The value of residential real estate across the Golden State has reached more than $10 trillion.

Six of the top 20 cities for valuable housing in June are in California, including San Francisco and San Jose, the San Francisco Chronicle reported, citing a report from Zillow.

The $10.18 trillion value of California homes make up nearly a fifth of the U.S. total $51.9 trillion.

Florida trails at nearly $4 trillion. While California has 77 percent more people than the No. 2 state, California real estate is 150 percent more valuable than Florida’s.

New York came in at $3.6 trillion, now third for the first time, followed by Texas at $3.3 trillion and New Jersey at $1.8 trillion.

California, the most populous state, has the most homes. And they are pricey, with only homes in Hawaii having a higher average value.

“That combination of lots of homes and those homes being very expensive is the reason California’s housing market is the most valuable of any state by far,” a Zillow spokesperson told the Chronicle.

California’s housing market value has dropped 3.3 percent since June of last year, along with home values in some of its largest cities.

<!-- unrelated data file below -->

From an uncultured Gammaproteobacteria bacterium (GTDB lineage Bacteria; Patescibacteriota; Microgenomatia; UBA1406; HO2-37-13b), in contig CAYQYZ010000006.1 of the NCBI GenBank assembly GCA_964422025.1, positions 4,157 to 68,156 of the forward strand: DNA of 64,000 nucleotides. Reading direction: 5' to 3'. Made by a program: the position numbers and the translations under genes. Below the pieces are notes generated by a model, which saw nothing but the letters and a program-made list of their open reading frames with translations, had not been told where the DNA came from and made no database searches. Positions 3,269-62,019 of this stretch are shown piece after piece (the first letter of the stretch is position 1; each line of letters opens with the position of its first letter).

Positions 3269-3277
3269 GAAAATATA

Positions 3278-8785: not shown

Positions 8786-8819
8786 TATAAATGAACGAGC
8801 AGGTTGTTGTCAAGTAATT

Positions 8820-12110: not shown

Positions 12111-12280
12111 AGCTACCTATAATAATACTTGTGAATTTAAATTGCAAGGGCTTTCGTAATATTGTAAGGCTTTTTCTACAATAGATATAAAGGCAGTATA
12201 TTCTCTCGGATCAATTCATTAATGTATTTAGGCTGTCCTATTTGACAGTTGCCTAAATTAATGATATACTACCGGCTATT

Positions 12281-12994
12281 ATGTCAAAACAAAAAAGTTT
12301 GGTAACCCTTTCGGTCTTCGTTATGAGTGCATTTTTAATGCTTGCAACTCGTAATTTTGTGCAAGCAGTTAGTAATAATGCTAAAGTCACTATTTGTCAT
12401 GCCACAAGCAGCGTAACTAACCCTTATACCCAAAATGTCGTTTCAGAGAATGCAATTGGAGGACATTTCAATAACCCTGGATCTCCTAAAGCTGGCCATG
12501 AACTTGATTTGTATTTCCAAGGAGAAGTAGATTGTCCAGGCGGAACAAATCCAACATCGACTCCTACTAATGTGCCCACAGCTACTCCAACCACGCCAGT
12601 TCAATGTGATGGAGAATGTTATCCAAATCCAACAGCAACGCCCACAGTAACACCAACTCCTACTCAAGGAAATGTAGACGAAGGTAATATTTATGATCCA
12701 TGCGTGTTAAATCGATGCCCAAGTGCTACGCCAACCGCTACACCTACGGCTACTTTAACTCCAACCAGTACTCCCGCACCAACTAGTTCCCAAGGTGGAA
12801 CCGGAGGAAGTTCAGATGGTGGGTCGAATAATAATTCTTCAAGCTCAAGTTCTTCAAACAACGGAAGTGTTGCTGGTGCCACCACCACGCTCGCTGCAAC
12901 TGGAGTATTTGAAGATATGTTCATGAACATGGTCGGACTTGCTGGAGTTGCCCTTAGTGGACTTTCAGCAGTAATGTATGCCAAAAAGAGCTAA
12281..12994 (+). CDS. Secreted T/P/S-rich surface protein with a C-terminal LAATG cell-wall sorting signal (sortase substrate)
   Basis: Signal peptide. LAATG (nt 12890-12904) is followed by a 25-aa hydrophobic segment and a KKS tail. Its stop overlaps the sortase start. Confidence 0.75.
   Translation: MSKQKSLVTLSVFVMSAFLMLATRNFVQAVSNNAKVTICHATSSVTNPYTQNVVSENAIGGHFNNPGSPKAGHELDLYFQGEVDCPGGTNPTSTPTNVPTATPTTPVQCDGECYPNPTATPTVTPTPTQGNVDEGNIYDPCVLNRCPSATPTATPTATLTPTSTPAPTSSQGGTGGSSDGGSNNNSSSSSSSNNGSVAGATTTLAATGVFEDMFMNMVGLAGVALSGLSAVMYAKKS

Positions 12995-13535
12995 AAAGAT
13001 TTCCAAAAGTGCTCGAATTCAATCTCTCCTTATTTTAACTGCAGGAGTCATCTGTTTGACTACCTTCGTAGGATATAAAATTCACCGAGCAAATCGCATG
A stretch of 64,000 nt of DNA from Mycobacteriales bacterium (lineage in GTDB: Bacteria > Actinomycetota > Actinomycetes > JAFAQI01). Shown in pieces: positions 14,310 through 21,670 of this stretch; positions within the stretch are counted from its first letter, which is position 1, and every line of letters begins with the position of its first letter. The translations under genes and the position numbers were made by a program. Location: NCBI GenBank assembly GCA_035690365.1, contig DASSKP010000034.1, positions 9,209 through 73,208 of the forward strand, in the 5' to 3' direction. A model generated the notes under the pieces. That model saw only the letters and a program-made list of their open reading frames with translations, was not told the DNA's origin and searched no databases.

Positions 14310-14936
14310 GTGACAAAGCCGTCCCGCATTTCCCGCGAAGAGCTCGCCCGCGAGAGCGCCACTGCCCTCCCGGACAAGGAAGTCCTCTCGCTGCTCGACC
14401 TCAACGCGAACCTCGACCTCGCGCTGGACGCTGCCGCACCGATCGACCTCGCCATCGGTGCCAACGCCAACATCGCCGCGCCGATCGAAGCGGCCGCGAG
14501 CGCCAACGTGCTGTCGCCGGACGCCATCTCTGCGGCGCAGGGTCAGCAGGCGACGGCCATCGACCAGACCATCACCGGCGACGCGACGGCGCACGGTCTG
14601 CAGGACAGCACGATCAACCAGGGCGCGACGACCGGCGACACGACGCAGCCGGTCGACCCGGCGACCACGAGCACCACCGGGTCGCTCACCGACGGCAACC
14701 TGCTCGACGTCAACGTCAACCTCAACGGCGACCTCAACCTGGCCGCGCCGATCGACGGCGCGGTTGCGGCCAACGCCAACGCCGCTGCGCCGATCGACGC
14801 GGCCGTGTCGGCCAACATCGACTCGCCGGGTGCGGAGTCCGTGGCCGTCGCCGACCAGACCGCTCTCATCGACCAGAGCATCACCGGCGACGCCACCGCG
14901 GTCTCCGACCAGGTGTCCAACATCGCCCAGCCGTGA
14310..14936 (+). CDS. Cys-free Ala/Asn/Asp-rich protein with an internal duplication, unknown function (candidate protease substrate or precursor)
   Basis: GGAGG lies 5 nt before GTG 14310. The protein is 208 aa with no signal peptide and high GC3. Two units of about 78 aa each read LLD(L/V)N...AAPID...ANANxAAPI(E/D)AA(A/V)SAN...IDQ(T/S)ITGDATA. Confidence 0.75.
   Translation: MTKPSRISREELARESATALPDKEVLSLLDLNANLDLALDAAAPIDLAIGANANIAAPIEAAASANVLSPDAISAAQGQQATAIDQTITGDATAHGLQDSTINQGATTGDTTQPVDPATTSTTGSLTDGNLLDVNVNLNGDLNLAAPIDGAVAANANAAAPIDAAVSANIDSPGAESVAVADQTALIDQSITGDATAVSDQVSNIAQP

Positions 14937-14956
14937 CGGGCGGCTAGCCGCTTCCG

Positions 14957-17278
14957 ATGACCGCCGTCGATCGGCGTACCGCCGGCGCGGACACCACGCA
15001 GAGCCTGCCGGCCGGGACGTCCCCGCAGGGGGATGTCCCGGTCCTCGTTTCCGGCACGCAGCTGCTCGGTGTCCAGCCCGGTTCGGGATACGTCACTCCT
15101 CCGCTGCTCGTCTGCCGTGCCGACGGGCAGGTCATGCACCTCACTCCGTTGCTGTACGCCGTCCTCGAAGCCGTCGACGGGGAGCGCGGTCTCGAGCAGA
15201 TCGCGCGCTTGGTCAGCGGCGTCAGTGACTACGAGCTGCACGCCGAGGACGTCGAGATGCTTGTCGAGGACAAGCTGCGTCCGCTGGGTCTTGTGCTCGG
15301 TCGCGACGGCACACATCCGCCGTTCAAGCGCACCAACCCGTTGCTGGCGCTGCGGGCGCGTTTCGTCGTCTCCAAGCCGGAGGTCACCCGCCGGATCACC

Los Angeles, the second most valuable market in the country at $3.7 trillion, stayed roughly the same year-over-year, increasing by 0.1 percent in June. San Francisco, the third most valuable market, was valued at $1.8 trillion, a drop of 8.8 percent.

San Diego was ninth at $994 billion, an increase of 1 percent. San Jose was 11th at $909 billion, which fell 5 percent. Riverside was 14th at $785 billion, down 3 percent. Sacramento was 19th at $482 billion, down 5 percent.

New York City, the most valuable housing market in the nation at $4.2 trillion, saw an increase of 4.2 percent.

The California real estate market, especially in costly cities such as San Francisco, was slammed  by rising mortgage rates, which priced out potential buyers and caused potential sellers to stay in their homes, pushing inventory levels to their lowest in 20 years, according to the Chronicle.

The slow market, combined with a shift to remote work, contributed to price declines in upscale markets such as San Francisco and San Jose.

— Dana Bartholomew

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